But how many times when we look back over events in our lives, do we then realize that He was with us all along? That He was guiding our steps, supporting us when we were overwhelmed by our lives and our problems. Even when we thought we were facing something on our own, He was there. That He was giving us the strength to carry on. That when there was only one set of footprints in the sand, it was He who was there, carrying us. We realize that without His help, we wouldn't have made it through.

And how many times have we thought that when he wasn't listening to our prayers, he truly was. That he knew better than us. How many prayers uttered with fervency are we now glad that he didn't answer the way we wanted him to at that moment? Like the words of the song: Some of God's greatest gifts are unanswered prayers. He knows what is best for us, He knows how our lives are meant to unfold. We have to do our best, live the best lives we can, and leave the rest up to Him.

In this season of Lent, it is a time for reflection. To reflect on our lives so far, to recall the many times that God has been with us, the many times that he has been our source of strength and comfort. It is a time to renew our faith in God, our trust in Him, and our commitment to Him. He is our greatest ally as we travel the twisted and sometimes torturous path of our lives. If we welcome Him into our lives, He will guide us and protect us. For truly, with God on our side, who can be against us?


LETTERS

From the Editors:- Ed Jones & Jon Black

Another compact edition this week as we are still experiencing technical difficulties with the printing machines. Still recovering from the "Party on the Pierhead", an excellent night!!!

To answer the question posed last week , the "little cutie" was me! (Ed) Revenge will be sweet Julia and Sian. Have a great week,

Ed Jones & Jon Black

 


Dear Ed

Whilst pondering the problem that traffic congestion causes 'down-town Georgetown' every Saturday morning Ive just had the most brilliant idea , I'm amazed no one else has thought of it; the solution is sooooo simple!

Everyone should leave their car at One Boat Dump and get a relaxing ride in on the bus (the Georgetown Flyer)- you know it makes sense. We could all have a stress free journey to the shopping Mall and road rage would be a thing of the past on Ascension! If the scheme took off future developments could even include a stop en-route for a mug of tea and bacon butty at Sleazy Sam's Slop Shop (Planning permission applied for)- thus ensuring we arrive at Solomons not only with the energy to walk around the whole store in one foul swoop but also with enough energy left to enter the inevitable punch-up for that much sought after 'last' carrot!!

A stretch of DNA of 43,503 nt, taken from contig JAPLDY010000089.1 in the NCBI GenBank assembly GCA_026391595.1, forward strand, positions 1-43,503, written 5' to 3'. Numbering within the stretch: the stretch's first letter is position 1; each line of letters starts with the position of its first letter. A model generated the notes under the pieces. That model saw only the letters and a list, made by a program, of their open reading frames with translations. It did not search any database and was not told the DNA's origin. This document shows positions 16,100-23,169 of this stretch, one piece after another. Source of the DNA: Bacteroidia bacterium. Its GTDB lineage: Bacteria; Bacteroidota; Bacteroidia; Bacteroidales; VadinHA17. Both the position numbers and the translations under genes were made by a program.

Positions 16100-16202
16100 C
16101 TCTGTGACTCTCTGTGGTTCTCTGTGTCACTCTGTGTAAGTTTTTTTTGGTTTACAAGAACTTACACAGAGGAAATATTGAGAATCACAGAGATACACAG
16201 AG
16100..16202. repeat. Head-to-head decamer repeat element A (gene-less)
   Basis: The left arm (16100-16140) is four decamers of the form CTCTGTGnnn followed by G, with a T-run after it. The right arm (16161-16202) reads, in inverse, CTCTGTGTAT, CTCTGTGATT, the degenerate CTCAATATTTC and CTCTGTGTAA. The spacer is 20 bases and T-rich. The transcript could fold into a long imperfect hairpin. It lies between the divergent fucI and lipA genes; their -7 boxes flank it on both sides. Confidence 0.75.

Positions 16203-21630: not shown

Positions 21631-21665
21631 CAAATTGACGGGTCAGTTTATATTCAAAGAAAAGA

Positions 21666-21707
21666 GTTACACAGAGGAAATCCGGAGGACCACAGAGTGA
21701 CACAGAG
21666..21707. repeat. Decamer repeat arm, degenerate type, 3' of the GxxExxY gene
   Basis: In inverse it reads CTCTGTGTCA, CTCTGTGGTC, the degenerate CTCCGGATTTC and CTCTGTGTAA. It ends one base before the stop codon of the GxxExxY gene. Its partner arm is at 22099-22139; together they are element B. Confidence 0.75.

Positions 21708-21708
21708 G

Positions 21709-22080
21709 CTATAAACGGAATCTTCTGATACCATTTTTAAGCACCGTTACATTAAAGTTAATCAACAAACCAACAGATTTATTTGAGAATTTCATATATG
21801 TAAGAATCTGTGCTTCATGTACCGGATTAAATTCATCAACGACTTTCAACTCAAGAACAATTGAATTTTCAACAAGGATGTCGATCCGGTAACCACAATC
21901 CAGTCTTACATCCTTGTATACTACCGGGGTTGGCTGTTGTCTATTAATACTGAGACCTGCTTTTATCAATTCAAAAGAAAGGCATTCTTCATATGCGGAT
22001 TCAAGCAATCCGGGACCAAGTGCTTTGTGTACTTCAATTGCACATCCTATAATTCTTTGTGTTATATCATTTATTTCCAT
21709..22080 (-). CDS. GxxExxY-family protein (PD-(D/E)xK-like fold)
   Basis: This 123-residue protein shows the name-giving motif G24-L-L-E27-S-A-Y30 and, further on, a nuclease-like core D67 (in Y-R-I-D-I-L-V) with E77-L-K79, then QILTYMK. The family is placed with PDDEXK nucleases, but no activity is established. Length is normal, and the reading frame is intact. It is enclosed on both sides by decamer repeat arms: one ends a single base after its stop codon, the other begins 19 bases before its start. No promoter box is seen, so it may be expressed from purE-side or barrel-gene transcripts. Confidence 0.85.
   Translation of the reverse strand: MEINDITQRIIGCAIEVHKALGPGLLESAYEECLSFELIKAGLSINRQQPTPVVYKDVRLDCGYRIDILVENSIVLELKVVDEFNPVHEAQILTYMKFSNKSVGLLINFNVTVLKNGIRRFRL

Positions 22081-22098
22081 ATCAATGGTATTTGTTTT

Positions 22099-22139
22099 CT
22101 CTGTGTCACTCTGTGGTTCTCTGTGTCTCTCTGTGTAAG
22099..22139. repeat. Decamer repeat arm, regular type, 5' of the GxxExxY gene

Papillon

PS AIG please note that I do not charge for my good ideas.

Dear Editors

My father was stationed on Ascension Island during WWII. His name is Marion Fleming. He was a Staff Sergeant with the USArmyAirCorp and was there for three years.

A good friend of his was George Teyeyck (Ten-Ack). If there is anyone in the group who has knowledge of either my dad or his friend, I'd like to hear from you. Or if you know of any way to get into the "history" of the US forces on Ascension Island from 1943 to 1945...I'd also like to hear about that as well...

Thank you..

jimfleming060547
ppscorp@direcway.com


Dear Editors,

Regards to you from the UK, and from one who has never been closer to Ascension Island than Lanzarote. The only connection I have with A.I. is, my grandfather Joseph Frizzell (b. 1885, d. 1969) went out from the UK to South Africa before the 1st World War, about 1910.

He was a blacksmith and boiler-maker, had served his time on Tyneside, and hoped to improve his fortune. In the event his young wife, my grandmother, wished to return to South Shields and to her relations, so their stay was not long. Granda's cousin who accompanied them stayed on and prospered, becoming the proprietor of a steelworks in Benoni, S.A. The point of all this is that he took photos of the boat trip out in 1910, but never annotated them. Some negatives survive, but no-one now alive knows for certain what it is that they show. Four of them are pictures of a small port, which could be Georgetown. I attach a low resolution jpeg of one of them, in the hope that you can confirm the locale shown. I have compared this with the pics on the A.I. website, and can see pointers towards it being that, but nothing definite.

Please identify, if you can. If you might wish to have the other photos sent, just ask. These show an interesting stairway rising from the Customs House to the top of the ridge with buildings up there. (If they might be of interest, can you decode xif files, which bear more detail than jpegs?) All of this is free to be published in your newspaper if you wish, if of course it relates to Ascension Island.

Best wishes, Alan Frizzell.

 

Letters to the Editor can be sent to
editors@the-islander.org.ac


RAINBOWS RED NOSE DAY 2003

RAINBOW GUIDES - Tiffany, Emily, Suzanne, Sophie H, Jade, Grace, Sophie B, Dayna, Rachel and Sharae - display THE BIG HAIRDO, which they expertly created on dolls brought in for their meeting last Thursday.

This was done in recognition of RED NOSE DAY! Didn't they do well! During their meeting they remembered children in Africa who are less fortunate than them-selves who do not have nice toys to play with and good food to eat. Well done girls!